Email Habits to Ditch for a More Productive Day
Email. It’s revolutionized the way we communicate at work but it’s also added to the volume of messages that we’re sifting through each day. The average business worker receives over 125 emails daily and it’s the most popular communication tool in the workplace, according to a recent report. The result? We’re distracted. In fact, we can spend over two hours a day managing work email, not including the chat and text notifications we get in between. All of this noise is not only causing us stress, it may even be impacting our work performance. So, what can we do? Check out some tips to help you ditch those common email habits for a more productive day.
Be More Conversational
We all do it. We have a lot to say, not enough time to say it in, and the end result is a short email novel that causes the person on the other end to do a double take. Suddenly, we’ve written five paragraphs to get to a point that could have probably been made in one. The next time you’re tempted to act onthis bad email habit, ask yourself if all of the information in your email is really necessary. If it’s not, strip it down to what really matters so that it feels like an actual conversation. You’ll spend less time typing and more time getting things done.
Consider Your Audience
It’s tempting to overuse that Reply All button. Those people are all on that email for a reason, right? Not always. The reality is, not every recipient is critical to your individual message. The next time you’re tempted to click that Reply All button, consider if the person on the other end will find value in what you’re saying and if their response to you is important to the next step in the project. If it’s not, save them the inbox space and bask in the productivity that awaits you.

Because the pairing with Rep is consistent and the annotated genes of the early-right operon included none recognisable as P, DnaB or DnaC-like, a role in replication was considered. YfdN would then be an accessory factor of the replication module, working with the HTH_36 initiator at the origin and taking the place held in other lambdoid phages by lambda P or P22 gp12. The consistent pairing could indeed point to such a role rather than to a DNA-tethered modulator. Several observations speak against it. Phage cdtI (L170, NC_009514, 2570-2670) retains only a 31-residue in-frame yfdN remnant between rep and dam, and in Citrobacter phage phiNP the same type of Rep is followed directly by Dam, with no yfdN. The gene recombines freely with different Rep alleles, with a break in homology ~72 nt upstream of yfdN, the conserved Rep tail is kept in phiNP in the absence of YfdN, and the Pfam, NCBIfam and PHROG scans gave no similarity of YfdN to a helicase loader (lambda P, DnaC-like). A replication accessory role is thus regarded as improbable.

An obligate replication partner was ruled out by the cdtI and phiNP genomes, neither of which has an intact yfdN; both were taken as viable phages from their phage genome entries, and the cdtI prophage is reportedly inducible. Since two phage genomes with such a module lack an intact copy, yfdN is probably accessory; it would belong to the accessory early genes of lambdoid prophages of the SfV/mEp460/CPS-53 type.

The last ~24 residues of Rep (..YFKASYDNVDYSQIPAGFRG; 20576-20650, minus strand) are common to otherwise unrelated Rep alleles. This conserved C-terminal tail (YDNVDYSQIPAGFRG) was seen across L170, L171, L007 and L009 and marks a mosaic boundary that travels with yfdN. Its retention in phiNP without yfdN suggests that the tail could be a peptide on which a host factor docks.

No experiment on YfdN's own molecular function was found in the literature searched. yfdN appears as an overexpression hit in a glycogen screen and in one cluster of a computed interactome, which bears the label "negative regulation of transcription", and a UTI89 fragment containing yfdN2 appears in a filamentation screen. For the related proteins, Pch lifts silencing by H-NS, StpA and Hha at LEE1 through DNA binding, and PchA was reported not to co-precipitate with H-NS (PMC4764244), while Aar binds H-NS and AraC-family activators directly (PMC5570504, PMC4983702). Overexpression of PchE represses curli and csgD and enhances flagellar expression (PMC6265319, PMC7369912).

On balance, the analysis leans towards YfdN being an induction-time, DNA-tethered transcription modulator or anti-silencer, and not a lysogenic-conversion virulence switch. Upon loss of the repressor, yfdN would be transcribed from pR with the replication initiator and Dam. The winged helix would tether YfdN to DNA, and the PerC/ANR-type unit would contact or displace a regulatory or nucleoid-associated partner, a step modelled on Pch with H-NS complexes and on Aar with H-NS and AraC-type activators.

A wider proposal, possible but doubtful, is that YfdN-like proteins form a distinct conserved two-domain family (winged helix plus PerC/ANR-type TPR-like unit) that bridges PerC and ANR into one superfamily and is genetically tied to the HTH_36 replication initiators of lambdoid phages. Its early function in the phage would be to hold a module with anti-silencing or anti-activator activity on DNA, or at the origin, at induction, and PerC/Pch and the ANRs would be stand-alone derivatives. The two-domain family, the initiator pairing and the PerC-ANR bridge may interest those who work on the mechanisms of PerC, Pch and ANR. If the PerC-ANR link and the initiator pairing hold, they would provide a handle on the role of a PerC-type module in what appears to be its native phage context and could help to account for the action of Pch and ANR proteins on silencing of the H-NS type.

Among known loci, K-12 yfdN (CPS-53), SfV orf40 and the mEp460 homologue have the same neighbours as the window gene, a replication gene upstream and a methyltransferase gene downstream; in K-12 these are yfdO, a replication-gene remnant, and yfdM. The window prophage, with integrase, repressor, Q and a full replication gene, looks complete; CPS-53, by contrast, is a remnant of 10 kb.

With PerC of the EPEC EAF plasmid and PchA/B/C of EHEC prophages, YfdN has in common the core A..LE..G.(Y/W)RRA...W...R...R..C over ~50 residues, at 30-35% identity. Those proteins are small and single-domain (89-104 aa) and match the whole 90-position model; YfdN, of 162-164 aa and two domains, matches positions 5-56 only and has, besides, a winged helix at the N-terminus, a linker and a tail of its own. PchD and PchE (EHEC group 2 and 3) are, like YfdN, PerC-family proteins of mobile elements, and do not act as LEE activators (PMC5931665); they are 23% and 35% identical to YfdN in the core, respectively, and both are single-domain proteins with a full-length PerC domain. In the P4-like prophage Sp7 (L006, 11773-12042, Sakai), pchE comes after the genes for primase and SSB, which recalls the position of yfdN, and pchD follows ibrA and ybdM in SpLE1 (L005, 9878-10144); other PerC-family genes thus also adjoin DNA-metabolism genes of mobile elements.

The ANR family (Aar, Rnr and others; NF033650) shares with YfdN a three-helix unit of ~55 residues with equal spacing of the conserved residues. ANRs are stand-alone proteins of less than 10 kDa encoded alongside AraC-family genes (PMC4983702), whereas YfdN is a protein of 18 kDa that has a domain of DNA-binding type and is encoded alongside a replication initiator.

Have an Inbox Game Plan
Research shows we’re the most productive first thing in the morning. The problem is, many of us use that precious time to respond to and file away emails. Before we know it, we’re mentally exhausted without any meaningful work to show for it. Instead of checking your email as soon as you wake up, take a minute to gather your thoughts, prioritize your workload, and write down an achievable game plan for your day. This way, your email serves as a way to help you accomplish your to-do list without adding to it.
Prioritize What Matters
Our time is precious and with the high volume of emails we’re sent each day, prioritization is key. Unfortunately, we’ve all fallen into the habit of addressing emails as soon they come in, no matter who they’re sent from. The problem is, we could be wasting time responding to our coworker about lunch rather than that urgent email from our boss. If you don’t have a tool to help prioritize your conversations for you, make sure you have a system to address your emails in order of importance. You’ll get to them all — just in the order that’s most critical.
If email is here to stay, ridding ourselves of these bad email habits before they take over our day will help us stay on track. In fact, research has shown that adopting better email habits, like limiting the times you check your messages, can actually reduce stress and help you feel more focused throughout your work day.